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Modest growth expected for Quebec's economy in 2007, says RBC

Modest growth expected for Quebec's economy in 2007, says RBC

Quebec's economy is expected to grow by a modest 2.1 per cent in 2007, according to the latest provincial economic outlook released today by RBC.

"In 2006, Quebec's economic growth was below the national average and his will continue for 2007," said Craig Wright, vice-president and chief conomist, RBC. "However, growth will remain steady albeit soft, with several factors such as stimulative fiscal policy and strength in business investments helping to provide economic support."

According to the RBC report, Quebec's diverse manufacturing sector helped offset further drags on growth with a three per cent gain in manufacturing shipments in 2006. RBC forecasts that conditions should remain positive for key industries such as aerospace and primary metals, specifically aluminum, in 2007.

Quebec will also get economic support through increased federal transfers. "If Quebec's budget is passed in its current form, it will add further stimulus, including a pay equity deal that will single-handedly add about a quarter point to near term economic growth," added Wright.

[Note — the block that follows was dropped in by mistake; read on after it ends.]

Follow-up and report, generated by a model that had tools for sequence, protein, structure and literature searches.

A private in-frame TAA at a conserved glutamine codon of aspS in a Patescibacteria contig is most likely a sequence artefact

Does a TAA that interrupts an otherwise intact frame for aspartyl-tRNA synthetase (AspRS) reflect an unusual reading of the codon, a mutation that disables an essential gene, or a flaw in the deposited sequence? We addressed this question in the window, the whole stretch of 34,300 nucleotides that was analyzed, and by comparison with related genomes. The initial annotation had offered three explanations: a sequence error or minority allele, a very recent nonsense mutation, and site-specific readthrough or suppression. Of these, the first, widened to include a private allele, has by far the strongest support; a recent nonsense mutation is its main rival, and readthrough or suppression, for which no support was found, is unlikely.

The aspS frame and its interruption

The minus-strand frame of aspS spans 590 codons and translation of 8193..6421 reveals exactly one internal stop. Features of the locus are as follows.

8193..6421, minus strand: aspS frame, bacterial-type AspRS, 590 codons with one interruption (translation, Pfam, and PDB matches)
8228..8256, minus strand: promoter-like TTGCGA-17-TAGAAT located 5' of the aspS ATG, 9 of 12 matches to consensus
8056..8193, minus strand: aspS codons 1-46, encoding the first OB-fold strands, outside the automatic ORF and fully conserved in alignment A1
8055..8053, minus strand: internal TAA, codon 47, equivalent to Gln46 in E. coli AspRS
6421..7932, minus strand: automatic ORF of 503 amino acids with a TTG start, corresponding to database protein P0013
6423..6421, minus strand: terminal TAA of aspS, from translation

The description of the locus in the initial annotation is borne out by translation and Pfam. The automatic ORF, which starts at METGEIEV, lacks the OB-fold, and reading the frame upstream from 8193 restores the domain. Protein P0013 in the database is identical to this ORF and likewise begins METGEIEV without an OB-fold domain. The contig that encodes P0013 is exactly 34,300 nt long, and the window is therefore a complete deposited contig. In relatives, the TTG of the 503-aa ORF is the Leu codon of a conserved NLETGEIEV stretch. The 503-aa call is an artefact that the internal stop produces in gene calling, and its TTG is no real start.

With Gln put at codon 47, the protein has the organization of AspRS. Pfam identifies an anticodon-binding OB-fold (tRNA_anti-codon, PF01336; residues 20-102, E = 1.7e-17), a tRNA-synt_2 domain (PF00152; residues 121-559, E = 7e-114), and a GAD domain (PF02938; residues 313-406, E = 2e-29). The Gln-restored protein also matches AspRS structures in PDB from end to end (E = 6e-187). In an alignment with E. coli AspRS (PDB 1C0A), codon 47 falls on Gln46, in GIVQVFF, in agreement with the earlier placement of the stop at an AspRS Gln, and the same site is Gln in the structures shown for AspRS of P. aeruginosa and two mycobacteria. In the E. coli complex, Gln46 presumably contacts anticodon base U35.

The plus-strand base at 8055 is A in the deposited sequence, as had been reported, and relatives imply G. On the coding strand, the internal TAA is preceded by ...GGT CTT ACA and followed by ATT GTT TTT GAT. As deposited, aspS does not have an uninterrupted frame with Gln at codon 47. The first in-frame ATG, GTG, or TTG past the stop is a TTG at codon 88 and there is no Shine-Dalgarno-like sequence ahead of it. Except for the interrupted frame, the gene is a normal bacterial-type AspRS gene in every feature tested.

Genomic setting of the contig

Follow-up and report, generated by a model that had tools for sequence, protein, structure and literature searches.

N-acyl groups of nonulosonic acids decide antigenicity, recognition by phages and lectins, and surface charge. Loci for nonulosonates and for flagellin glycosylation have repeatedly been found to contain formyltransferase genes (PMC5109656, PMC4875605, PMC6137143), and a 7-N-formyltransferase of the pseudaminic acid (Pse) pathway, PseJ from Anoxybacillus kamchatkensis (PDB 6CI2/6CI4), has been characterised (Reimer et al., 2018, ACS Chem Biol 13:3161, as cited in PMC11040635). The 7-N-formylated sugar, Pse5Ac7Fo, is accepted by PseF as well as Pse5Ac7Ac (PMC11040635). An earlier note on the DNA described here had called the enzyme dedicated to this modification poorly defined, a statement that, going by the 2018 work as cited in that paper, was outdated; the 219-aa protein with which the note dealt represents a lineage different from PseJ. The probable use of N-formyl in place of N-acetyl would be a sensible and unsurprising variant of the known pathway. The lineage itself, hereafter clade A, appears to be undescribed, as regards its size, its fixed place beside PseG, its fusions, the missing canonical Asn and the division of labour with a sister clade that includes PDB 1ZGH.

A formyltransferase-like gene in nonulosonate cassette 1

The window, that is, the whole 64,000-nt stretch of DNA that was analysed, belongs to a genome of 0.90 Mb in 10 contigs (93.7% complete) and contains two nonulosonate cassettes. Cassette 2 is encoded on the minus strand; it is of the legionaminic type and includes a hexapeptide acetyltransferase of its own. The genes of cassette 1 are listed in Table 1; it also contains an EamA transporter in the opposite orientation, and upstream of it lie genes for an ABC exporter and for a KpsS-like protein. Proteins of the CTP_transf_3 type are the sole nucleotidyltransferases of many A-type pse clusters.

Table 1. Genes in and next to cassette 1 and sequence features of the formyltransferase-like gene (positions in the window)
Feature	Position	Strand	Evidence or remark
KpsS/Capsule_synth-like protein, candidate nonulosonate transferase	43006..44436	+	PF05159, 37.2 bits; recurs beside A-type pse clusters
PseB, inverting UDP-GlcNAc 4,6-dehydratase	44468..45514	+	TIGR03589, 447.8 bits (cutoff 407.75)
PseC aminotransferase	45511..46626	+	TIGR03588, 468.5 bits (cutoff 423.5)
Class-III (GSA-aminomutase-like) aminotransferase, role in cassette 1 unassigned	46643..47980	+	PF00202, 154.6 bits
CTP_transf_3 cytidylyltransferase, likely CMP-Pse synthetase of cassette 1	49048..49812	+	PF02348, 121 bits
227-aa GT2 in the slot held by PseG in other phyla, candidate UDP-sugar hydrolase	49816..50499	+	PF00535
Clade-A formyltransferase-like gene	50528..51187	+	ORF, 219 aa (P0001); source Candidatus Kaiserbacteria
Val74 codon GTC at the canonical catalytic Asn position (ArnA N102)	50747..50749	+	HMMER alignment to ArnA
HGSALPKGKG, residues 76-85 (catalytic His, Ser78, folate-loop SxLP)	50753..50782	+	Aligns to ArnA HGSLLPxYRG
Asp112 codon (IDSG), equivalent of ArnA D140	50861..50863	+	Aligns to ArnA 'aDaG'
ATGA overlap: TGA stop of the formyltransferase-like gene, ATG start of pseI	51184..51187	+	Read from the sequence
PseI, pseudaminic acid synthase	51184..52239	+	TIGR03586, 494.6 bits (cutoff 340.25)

RBC notes that like other parts of Canada, Quebec should see considerable strength in business investment offset a cooler housing market. Manufacturing investment will be further strengthened due to accelerated Capital Cost Allowance (CCA) rates introduced by the federal budget. Two year write-offs for equipment spending, and more than doubling the CCA rate for investments in buildings and computers, will add to capital project strength this year and help offset an expected deceleration next year before big projects kick into high gear in 2009.

For the overall Canadian economy, RBC forecasts that the gap between growth in the more heavily resource based provinces and central Canada will narrow over 2007-08. Newfoundland and Labrador will be the leader this year with growth of four per cent followed by Alberta at 3.6 per cent. Prince Edward Island and Ontario will be at the back of the pack, each with growth rates of about two per cent.

The RBC Economics Provincial Outlook assesses the provinces according to economic growth, employment growth, unemployment rates, personal income growth, retail sales, housing starts and the Consumer Price Index.
    According to the report at

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